We are a founding member of ACT (Action, Collaboration, Transformation) which is an initiative between international brands and retailers, manufacturers and trade unions to address the issue of living wages in the textile and garment supply chain. ACT aims to improve wages by establishing industry collective bargaining in key countries supported by world class manufacturing standards and responsible purchasing practices. Work is currently in the early stages.
11. Does Primark train its buyers on how to purchase products ethically?
Yes. Our ethical trade team works hand in hand with our buyers and sourcing team, providing support on a daily basis, and running dedicated training programmes so that buyers are aware of ethical issues in the countries that our products are sourced from.
Our factory database, developed by the British Standards Institute, enables our buyers to receive a regularly updated and detailed report of all suppliers and factories producing for their department. The report includes information on each factory’s ethical performance, recent audit results, and any outstanding non-compliance, along with other key sourcing data. Having integrated data like this allows buyers to make informed sourcing decisions.
12. I watched the Panorama documentary about Primark. What was Primark’s response to these claims?
In 2008, Primark was featured on the BBC TV Panorama programme: “Primark on the Rack”, which claimed to show three young boys being used to manufacture clothes sold in Primark. After 3 years, a lengthy investigation by Primark and a comprehensive review by the BBC Trust, the BBC Trust has confirmed that this footage was fabricated and the programme should never have been broadcast.
explains how this happened and what Primark had to do to expose this false claim and clear its name.
13. What is Sumangali and is Primark doing anything to address Sumangali labour practices?
Young women, who make up the majority of the textile and garment industry workforce in southern India, are often recruited from outlying rural areas to work in spinning mills. They are given fixed term contracts and given accommodation in hostels, sometimes within the factory compound, and receive a monthly stipend with the remainder of their earnings paid in a lump sum at the end of the contract period. The appeal of this system for young women and their families is that it offers them a lump sum that can be used as a marriage dowry. Although dowry payments are illegal in India, they continue to exist in many rural areas. The programme is called the sumangali or ‘marriage assistance’ scheme, and was introduced almost a decade ago in Southern India. Reports by Anti-Slavery International and SOMO have raised serious concerns regarding the safety and welfare of workers in garment mills and factories which operate these schemes.
Primark, along with other retailers, is a member of collaborative initiatives that are working to identify sustainable solutions to these practices, and provide safe and legal employment conditions for workers. We are a member of a local stakeholder forum, The Tirupur Stakeholders Forum, which includes retailers, NGOs, trade unions, and an industry association representing manufacturers in the region. Primark is supportive of the work of the forum in enabling local stakeholders to identify and drive effective solutions.
The Tamil Nadu Multi-Stakeholder Group, convened by the Ethical Trading Initiative, aims to identify how we can collectively support local initiatives and stakeholders such as the forum, and further the work they have begun. Primark is a member of the group and sits upon the Steering Committee.
14. Does Primark have a policy on sustainable palm oil?
Yes. As part of the ABF group of companies, we share their position on the sourcing of palm oil. As members of the Roundtable on Sustainable Palm Oil (RSPO), ABF is committed to promoting an increased supply of certified sustainable palm oil by 2015. ABF has committed that, provided supply is available, all of its businesses will use only certified sustainable palm oil.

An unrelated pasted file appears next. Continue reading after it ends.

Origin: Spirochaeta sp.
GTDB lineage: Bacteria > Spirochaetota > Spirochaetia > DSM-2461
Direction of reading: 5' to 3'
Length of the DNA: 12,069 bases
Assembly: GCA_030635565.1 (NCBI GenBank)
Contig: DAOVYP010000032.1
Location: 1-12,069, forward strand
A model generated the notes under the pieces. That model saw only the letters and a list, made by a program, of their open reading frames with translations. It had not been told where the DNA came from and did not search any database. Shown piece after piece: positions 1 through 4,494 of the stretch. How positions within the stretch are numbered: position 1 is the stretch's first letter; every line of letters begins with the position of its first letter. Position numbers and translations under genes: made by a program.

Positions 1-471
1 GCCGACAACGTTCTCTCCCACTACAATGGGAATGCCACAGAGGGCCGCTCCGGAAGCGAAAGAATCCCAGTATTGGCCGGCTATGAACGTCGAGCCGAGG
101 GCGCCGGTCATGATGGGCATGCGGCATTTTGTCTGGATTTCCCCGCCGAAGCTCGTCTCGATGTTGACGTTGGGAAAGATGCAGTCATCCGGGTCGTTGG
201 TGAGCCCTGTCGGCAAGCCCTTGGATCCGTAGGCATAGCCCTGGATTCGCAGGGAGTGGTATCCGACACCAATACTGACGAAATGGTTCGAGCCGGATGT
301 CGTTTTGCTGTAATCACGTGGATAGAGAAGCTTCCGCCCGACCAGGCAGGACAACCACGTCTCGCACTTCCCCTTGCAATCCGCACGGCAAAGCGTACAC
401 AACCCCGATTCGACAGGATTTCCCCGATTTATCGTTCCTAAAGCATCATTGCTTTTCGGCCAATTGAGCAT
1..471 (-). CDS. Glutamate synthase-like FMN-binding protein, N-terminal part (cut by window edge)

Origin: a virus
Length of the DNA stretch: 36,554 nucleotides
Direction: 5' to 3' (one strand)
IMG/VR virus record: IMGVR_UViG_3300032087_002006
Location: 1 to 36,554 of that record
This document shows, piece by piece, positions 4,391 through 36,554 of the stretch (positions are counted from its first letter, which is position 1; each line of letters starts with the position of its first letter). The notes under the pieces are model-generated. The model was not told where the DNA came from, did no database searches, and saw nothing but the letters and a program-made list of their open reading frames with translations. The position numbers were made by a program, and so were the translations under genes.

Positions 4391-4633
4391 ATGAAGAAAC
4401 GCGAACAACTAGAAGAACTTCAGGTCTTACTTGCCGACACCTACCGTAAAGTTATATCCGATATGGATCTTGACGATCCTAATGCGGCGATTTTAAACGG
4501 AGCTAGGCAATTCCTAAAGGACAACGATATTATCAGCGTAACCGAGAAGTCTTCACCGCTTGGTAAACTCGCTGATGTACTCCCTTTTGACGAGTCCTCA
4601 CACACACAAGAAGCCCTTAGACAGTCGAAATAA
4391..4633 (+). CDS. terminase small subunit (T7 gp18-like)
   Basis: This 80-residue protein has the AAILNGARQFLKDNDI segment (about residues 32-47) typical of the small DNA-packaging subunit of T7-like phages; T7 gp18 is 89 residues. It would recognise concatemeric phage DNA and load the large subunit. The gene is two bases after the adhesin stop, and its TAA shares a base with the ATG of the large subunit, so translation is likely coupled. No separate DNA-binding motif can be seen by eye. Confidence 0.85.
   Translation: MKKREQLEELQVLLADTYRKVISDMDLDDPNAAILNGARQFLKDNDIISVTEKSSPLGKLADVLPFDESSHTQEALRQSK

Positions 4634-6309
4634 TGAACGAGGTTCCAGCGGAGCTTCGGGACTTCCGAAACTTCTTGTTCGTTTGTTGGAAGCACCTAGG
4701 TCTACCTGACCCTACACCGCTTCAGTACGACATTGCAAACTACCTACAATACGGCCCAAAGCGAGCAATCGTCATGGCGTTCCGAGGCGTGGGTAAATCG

15. Does Primark have a policy on the use of animal testing?
Yes. Primark does not conduct and does not commission any animal testing. Our terms of trade with suppliers make it clear that cosmetic products and their ingredients must not be tested on animals.
16. Does Primark have a policy on the use of angora?
Following concerns about animal welfare and the use of angora in clothing, the company has ceased ordering all products that contain angora.
17. Does Primark use sandblasting on any of its products?
We made a business decision in 2010 to stop using sandblasting on all our products, following concerns about potential risks to workers' health. Throughout 2011 we worked with our buyers and suppliers to look at potential alternative techniques that are safe and viable. During this period we phased out our sandblasted product. As of October 2011, Primark has fully eradicated the process from its supply chain.
18. Does Primark use leather?
We use some leather in our products, predominantly in accessories and shoes. We are currently working to map and assess tanneries in our supply chain.
19. Does Primark sell organic or Fairtrade cotton?
We have sold organic cotton products in the past and we plan on selling organic and Fairtrade cotton products in the future depending on market demand.
20. Has Primark signed up to Greenpeace’s Detox campaign?
Yes. Primark has long recognised the importance of reducing the environmental impact of the manufacturing process. We have committed to work with industry and stakeholders, including Greenpeace, to ban the use of certain chemicals from the supply chain. As part of that commitment we have become a member of the ZDHC (Zero Discharge of Hazardous Chemicals) Group
an industry working group of major apparel and footwear brands.
Our Detox Commitment
to phase out the use of certain chemicals was published in 2014, and is supported by our Restricted Substances List
21. Does Primark have a policy on the use of Uzbek cotton?
Primark has signed up to the Responsible Sourcing Network’s Cotton Pledge, in doing so it has committed to not knowingly source Uzbek cotton for the manufacturing of any of its products.